Publisher: Dark Horse Comics
Writer: Chris Schlerf
Artist: Sergio Ariño
Release Date: 8th January 2014
Before I get into my rant on turning properties like video games into comic books let me start off by saying this was a well done attempt. The story telling is put together well, though some of the dialogue was a little redundant at times. It was just tiresome to read ‘Brutes’ and ‘Arbiters’ constantly in descriptions for characters. I understand those are the proper names, but can we get a little more creative? The artwork I thought was excellent. Very clean lines full of good movement to move the story along and to coincide with the fast paced action of the story. So all in all, from a pure comic release of story and art, well done gentlemen.
I’m not sure if this picks up with the ending of the latest Halo game which I could be wrong but I believe was Halo 4. I cannot be sure I am a Playstation guy and haven’t played a Halo game since 2, I believe. So if there is continuation here I am at a loss, so don’t hate on me too bad if I’m misinformed of the events that lead up unto where Escalation takes place.
The story is following a team of Spartans led by a female Spartan Sarah Palmer (recently removed from a ‘hunt and pacify’ mission seeking an renegade prisoner now leading a band of Covenants), to a diplomatic mission proceeding over peace talks between a Brute Chieftain, Lydus, and The Arbiter. The peace talks are to quell fights over resources that Brutes are stealing because they are not intelligent enough to mine themselves, and the UNSC is hoping that by helping barter a peace they can share in the resources themselves. The first issues leaves us with the peace talks being attacked by a force of Covenants with no indication of who is leading them, aside from the fact that is it neither the Arbiter’s forces nor the Lydus’ forces. Now the second issue keeps rolling with this. The groups are on the move trying to re-establish communications with the UNSC fleet and get the diplomats to safety.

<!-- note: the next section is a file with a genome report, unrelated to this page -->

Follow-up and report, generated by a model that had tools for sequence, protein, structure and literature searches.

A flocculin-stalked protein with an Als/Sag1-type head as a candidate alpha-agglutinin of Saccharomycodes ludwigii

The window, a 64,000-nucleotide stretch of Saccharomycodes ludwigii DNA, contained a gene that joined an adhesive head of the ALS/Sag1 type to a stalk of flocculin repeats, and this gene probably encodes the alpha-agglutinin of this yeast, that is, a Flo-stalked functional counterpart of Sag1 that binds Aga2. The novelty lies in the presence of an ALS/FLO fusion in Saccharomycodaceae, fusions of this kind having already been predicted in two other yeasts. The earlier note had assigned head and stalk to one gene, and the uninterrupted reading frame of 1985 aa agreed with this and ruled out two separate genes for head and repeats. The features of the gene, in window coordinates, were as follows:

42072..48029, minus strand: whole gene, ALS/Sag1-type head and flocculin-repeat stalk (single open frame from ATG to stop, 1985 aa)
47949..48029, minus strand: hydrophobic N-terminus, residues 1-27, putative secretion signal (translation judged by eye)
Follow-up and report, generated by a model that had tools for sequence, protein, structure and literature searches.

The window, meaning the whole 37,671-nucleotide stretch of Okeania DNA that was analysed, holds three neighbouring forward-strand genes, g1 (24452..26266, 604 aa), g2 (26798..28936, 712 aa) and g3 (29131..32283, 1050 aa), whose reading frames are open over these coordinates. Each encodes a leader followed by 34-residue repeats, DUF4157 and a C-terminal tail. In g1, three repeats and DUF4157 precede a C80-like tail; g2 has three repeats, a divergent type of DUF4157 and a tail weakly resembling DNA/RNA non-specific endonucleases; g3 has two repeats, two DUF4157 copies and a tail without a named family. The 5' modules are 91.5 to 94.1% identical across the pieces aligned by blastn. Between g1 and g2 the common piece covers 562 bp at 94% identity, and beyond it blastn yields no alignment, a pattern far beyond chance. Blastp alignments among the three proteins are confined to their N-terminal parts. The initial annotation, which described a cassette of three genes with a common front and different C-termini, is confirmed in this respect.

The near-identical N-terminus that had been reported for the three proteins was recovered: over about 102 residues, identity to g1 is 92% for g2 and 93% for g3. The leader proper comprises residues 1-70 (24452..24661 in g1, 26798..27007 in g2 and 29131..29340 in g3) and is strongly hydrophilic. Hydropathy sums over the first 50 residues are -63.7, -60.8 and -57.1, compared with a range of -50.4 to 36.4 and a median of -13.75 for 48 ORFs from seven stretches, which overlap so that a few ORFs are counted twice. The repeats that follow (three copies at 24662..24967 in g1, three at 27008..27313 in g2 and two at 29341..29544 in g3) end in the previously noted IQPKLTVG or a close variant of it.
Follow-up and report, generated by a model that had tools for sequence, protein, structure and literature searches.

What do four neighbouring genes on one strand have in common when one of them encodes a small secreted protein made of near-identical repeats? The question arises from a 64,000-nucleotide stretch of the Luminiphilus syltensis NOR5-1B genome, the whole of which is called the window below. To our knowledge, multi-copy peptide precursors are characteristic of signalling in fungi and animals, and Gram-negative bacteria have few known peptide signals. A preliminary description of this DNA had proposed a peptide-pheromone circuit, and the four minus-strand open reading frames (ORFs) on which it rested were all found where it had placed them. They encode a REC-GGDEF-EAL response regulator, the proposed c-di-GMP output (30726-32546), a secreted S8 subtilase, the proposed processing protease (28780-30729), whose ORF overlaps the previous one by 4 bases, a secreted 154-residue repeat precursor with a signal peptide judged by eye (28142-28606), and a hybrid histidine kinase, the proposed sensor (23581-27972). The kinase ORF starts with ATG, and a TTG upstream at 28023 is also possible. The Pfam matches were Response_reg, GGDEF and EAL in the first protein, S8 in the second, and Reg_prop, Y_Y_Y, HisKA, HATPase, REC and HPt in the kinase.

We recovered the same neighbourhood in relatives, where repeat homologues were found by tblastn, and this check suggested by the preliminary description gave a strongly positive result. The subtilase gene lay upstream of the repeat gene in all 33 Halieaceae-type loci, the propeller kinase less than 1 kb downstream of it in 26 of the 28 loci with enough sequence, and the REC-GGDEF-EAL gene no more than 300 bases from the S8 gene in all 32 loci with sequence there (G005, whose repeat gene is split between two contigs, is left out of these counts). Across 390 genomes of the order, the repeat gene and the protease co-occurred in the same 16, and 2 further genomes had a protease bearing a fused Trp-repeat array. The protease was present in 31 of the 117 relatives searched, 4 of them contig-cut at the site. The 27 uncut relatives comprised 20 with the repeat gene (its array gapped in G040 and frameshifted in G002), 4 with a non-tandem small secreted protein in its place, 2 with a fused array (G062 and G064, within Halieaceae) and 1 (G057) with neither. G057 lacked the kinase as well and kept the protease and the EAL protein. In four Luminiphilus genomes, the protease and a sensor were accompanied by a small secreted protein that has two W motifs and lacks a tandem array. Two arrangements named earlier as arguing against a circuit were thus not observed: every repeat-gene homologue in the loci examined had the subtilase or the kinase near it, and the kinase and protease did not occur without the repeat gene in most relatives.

Their attempts are being hindered by the introduction of the possibility of a mole in their midst. So you can imagine what is going on within the pages of the latest issue! Now with a description of what’s happening – which is undeniably a decent story – I will go off on my rant. For properties to spread across many mediums I think is a slippery slope. Fans can be lost or turned off from a franchise when it decides to try and cash in by taking and continuing a story, not from where it originated and has become a staple, but to a new medium that the fan may not already have an interest in. I for one enjoyed what little bit of the Halo games I played, but that would not drive me to want to read the comics. The same goes with any game. I was a huge fan of Mass Effect but did not have the desire to follow it into the comic world, even though I am already a fan of said medium. However I know that there are rabid fans that would follow a story no matter where it goes.
Aside from a lack of strong dialogue at times this was a fairly entertaining read. Though I have no clue of what events take place before this story begins, the writer does an excellent job of making it accessible to new readers. If you are a die-hard Halo fan then I would assume you are already reading this to stay up to date with the happenings in the Halo universe, and if not, I suggest you start. If you are a new reader with no knowledge whatsoever of the Halo universe this may not be somewhere you want to start, as you will be at a loss for what some of the characters and races are that are discussed. All that being said, it’s still a fairly entertaining bit of comic science fiction.
Review by: Shane Hoffman (AKA “Hoff”)